At the weekend I bought a new toy and I’ve spent the last couple of days playing with it.
The ‘toy’ in question is a chainsaw. Unlike other midlife crisis sufferers, I have no desire to buy a motorbike or a sports car or a speedboat, or to go bungee jumping or white-water rafting. In fact one of my favourite pastimes is gardening and, as it’s fair to say that the opportunities for an adrenaline rush are a tad limited here, a chainsaw was the obvious answer.
I’ll qualify that, though, by saying that, in addition to most normal people’s idea of a garden I do have a small area of woodland that needs managing, as obviously a chainsaw could, quite reasonably, be considered a tad excessive for dealing with a lawn and the odd herbaceous border.
And when I say ‘playing’, I feel I should point out that I’m not quite as irresponsible as that turn of phrase might lead you to believe. Far from it, actually. In fact, a few weeks ago I went on a course to learn how to use my new ‘toy’. Because I realised that, without proper training, I might well lop off something I didn’t intend to – like a leg or a head, for instance.
So I spent two days learning how to safely use and maintain what is, when all’s said and done, a potentially lethal piece of equipment (after all, I’m dangerous enough with a cricket bat! – see ‘A toe-curling tale‘). It sort of makes you sit up and take notice when your teacher uses terms like amputation and decapitation to describe the sorts of injury that can occur if you’re not careful; and when the risk assessment includes consideration of where the air ambulance might land. So I listened attentively. And during the practical sessions, I took care to follow the advice and guidance of the experienced professional, rather than following the instincts of a rank amateur.
After the course I went out and bought all the appropriate equipment – which includes a helmet, with ear defenders and a safety visor, and special Kevlar-lined chainsaw gloves, trousers and boots. If you’ve never worn chainsaw trousers (and, in fairness, why would you?) let me tell you, they’re the heaviest trousers known to man. As are the boots. And the chainsaw itself is hardly lightweight. If nothing else, assuming I do manage not to slice anything important off, by the time I’ve finished I’ll be as fit as a butcher’s dog.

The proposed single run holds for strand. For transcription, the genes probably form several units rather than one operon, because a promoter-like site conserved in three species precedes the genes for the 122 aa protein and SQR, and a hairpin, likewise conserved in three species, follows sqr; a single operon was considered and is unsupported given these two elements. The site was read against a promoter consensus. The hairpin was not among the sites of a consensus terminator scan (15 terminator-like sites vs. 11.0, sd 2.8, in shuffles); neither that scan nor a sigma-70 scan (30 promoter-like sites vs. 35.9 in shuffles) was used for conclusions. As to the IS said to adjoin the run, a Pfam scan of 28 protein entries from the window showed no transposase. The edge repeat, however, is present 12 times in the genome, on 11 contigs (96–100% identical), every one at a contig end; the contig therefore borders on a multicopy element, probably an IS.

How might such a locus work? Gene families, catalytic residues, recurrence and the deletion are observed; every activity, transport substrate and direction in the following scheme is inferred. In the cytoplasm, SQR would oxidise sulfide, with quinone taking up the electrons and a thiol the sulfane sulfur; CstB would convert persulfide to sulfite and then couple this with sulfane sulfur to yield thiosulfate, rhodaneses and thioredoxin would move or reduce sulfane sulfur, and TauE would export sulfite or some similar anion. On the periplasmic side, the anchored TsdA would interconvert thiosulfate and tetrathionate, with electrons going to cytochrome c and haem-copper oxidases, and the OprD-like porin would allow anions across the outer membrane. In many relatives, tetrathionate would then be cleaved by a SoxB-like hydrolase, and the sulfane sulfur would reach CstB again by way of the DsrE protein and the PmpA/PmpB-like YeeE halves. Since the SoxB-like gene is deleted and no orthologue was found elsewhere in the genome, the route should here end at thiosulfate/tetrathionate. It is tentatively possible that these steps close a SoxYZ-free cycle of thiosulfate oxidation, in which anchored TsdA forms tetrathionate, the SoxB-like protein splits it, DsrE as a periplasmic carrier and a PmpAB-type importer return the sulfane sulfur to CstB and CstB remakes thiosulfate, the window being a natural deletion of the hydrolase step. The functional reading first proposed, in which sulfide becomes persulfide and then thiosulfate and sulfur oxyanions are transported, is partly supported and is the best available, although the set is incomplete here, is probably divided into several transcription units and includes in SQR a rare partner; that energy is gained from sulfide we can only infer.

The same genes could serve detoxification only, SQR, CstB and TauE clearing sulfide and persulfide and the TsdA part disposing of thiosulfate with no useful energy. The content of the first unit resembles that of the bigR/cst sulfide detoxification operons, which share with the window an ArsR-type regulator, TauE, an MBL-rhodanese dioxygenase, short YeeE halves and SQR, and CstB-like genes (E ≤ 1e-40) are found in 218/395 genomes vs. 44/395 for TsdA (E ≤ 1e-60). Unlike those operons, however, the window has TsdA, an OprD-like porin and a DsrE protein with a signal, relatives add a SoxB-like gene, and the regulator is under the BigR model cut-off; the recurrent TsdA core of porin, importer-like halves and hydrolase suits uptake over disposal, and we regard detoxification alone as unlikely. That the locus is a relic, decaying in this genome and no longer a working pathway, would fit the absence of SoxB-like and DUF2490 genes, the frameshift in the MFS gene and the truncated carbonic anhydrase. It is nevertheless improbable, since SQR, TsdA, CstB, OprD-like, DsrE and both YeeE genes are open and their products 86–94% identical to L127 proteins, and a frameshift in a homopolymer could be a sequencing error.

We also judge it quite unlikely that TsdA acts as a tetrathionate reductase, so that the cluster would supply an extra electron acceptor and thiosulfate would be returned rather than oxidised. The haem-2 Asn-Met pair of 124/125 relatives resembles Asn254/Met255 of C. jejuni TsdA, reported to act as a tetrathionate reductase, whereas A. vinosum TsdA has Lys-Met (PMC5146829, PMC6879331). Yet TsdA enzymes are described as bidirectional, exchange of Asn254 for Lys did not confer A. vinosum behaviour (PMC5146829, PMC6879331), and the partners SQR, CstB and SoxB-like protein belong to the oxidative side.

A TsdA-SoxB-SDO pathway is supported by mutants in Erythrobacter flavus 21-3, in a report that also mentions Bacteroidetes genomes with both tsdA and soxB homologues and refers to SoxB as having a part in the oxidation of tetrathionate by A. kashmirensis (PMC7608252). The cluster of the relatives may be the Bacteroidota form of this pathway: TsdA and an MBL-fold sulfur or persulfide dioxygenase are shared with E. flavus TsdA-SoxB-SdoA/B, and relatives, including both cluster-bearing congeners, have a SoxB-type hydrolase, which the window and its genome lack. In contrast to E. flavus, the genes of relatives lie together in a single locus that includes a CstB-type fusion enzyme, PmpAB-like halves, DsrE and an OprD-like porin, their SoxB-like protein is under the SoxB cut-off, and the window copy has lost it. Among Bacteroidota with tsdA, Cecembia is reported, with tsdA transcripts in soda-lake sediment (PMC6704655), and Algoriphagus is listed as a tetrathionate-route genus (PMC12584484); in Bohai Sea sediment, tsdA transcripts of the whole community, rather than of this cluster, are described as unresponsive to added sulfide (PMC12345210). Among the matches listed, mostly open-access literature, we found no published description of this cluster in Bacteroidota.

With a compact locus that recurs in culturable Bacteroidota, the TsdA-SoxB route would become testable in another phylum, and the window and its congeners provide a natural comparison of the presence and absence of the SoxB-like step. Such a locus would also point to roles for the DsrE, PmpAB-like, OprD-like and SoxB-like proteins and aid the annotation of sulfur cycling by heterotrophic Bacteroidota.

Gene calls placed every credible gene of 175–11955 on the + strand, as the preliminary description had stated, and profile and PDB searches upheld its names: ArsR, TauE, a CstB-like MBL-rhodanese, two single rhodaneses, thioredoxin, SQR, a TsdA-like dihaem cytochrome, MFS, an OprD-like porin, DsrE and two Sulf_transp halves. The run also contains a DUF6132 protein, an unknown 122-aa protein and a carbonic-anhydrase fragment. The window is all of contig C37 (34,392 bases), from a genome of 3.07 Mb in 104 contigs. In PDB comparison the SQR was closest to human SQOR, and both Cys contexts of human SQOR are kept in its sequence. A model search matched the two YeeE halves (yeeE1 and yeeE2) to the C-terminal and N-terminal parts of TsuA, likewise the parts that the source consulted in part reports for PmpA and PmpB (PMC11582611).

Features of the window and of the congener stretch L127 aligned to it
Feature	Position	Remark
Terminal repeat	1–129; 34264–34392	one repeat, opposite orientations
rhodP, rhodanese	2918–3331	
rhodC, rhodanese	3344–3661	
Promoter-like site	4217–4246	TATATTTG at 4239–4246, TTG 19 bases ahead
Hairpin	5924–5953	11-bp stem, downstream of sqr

The amazing, and somewhat scary thing is that – at least in my neck of the woods (pun intended) – you can buy a chainsaw at the local DIY store and start using it straight away without any training or instruction. Is it any wonder, then, that from time to time you hear blood-curdling stories about things going horribly wrong for some poor unfortunate soul.
Aside from the risks associated with incorrect operation, the training course was also very enlightening with regard to maintenance. In order to maintain its capability, a chainsaw needs to be regularly checked and the chain needs to be sharpened before each use – a fact that most untrained chainsaw operators will be blissfully unaware of and will therefore be working with something that isn’t as effective as it should be.
So, getting to the business continuity bit (did someone say “at last”?). My chainsaw experience got me thinking about the parallels with business continuity and crisis management…
How many of us leap into a new undertaking – like, for instance, our business continuity programme or crisis management plan – without some decent training on how to do it properly?
How many of us don’t see the need for training at all, even though we’re embarking on something that we’re not used to or not currently equipped for?
How many of us think it’s just obvious, and we’ll find out as we go along, rather than taking advice from an experienced professional?
How many of us ‘sharpen the saw’ as often as we should in order to maintain our capability?
And how many of us have seen or heard examples of an organisation getting it horribly wrong, perhaps even (metaphorically) chopping their own legs off by their misguided or clumsy actions? (no names but at least one recent example springs to mind here).
In two days I’ve achieved more in my little woodland management project than I could have in several weeks in my pre-chainsaw days, safe in the knowledge that I understand how things should be done. But this is only because I bothered to learn how to do it properly and how to limit the risks.
If only some organisations thought the same way about their business continuity or crisis management planning.
PS if you can think of any other parallels that I’ve missed let me know by posting a comment.
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Andy Osborne (known as Oz to friends and colleagues) is the Consultancy Director at Acumen, a consultancy practice specialising in business continuity and risk management.
Andy is the author of two books ‘Practical Business Continuity Management‘ and ‘Risk Management Simplified‘ as well as his popular blogs and ‘Tips of the Month’, all of which aim to demystify the subjects of business continuity and risk management and make them more accessible to people who live in the real world.
You can follow Andy on Twitter at @AndyatAcumen and link with him on LinkedIn at http://uk.linkedin.com/in/andyosborneatacumen